Evolutionary relationshipsEdit

AAA proteins are divided into seven basic clades, based on secondary structure elements included within or near the core AAA fold: clamp loader, initiator, classic, superfamily III helicase, HCLR, H2-insert, and PS-II insert.[4]

Quaternary structureEdit

AAA ATPases assemble into oligomeric assemblies (often homo-hexamers) that form a ring-shaped structure with a central pore. These proteins produce a molecular motor that couples ATP binding and hydrolysis to changes in conformational states that can be propagated through the assembly in order to act upon a target substrate, either translocating or remodelling the substrate.[7]

The central pore may be involved in substrate processing. In the hexameric configuration, the ATP-binding site is positioned at the interface between the subunits. Upon ATP binding and hydrolysis, AAA enzymes undergo conformational changes in the AAA-domains as well as in the N-domains. These motions can be transmitted to substrate protein.

Molecular mechanismEdit

ATP hydrolysis by AAA ATPases is proposed to involve nucleophilic attack on the ATP gamma-phosphate by an activated water molecule, leading to movement of the N-terminal and C-terminal AAA subdomains relative to each other. This movement allows the exertion of mechanical force, amplified by other ATPase domains within the same oligomeric structure. The additional domains in the protein allow for regulation or direction of the force towards different goals.[6]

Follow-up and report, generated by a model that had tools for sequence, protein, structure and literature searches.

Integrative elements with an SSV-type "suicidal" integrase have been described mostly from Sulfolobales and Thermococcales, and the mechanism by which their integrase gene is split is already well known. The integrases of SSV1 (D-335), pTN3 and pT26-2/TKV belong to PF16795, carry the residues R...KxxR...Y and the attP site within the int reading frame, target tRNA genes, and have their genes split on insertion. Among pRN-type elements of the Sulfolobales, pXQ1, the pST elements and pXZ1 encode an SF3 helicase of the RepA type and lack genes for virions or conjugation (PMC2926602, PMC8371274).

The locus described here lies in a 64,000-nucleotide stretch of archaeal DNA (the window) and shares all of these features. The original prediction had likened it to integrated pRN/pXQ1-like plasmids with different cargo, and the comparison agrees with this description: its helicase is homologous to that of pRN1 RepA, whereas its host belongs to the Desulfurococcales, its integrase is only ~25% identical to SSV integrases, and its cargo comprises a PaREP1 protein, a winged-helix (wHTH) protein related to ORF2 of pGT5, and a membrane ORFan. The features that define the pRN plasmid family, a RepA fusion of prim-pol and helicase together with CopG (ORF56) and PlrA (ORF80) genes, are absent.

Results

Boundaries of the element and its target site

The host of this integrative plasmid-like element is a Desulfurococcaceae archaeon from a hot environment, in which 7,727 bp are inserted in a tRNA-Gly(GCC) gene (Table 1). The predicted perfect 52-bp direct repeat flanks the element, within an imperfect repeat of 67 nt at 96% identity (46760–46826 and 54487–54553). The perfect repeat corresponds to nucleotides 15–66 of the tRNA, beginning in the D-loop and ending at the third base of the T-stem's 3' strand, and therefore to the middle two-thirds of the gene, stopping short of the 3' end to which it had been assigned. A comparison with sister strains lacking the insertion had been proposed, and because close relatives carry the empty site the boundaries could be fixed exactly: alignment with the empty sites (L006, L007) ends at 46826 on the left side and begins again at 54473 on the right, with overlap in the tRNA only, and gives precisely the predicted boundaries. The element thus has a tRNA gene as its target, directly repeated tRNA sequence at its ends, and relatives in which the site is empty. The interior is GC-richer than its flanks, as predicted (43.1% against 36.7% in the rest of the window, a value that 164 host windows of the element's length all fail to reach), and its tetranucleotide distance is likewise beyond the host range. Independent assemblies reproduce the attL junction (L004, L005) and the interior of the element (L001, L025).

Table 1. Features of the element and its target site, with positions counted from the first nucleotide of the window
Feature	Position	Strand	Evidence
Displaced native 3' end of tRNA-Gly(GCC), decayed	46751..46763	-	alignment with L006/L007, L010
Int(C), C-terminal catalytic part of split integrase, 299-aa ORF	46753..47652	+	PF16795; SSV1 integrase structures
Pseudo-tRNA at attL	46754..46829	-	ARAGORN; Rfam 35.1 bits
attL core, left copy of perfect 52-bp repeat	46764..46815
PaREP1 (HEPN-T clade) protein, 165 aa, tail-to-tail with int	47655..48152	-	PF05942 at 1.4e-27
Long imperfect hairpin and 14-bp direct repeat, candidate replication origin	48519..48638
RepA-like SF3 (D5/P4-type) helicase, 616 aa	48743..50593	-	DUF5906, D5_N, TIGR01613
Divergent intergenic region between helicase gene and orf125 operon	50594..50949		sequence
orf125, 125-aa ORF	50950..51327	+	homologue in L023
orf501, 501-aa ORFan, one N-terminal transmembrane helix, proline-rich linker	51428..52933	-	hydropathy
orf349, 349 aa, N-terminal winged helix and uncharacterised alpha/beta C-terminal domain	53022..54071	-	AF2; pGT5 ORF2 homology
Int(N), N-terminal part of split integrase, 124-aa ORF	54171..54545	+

Prokaryotic AAAsEdit

AAA proteins are not restricted to eukaryotes. Prokaryotes have AAA which combine chaperone with proteolytic activity, for example in ClpAPS complex, which mediates protein degradation and recognition in E. coli. The basic recognition of proteins by AAAs is thought to occur through unfolded domains in the substrate protein. In HslU, a bacterial ClpX/ClpY homologue of the HSP100 family of AAA proteins, the N- and C-terminal subdomains move towards each other when nucleotides are bound and hydrolysed. The terminal domains are most distant in the nucleotide-free state and closest in the ADP-bound state. Thereby the opening of the central cavity is affected.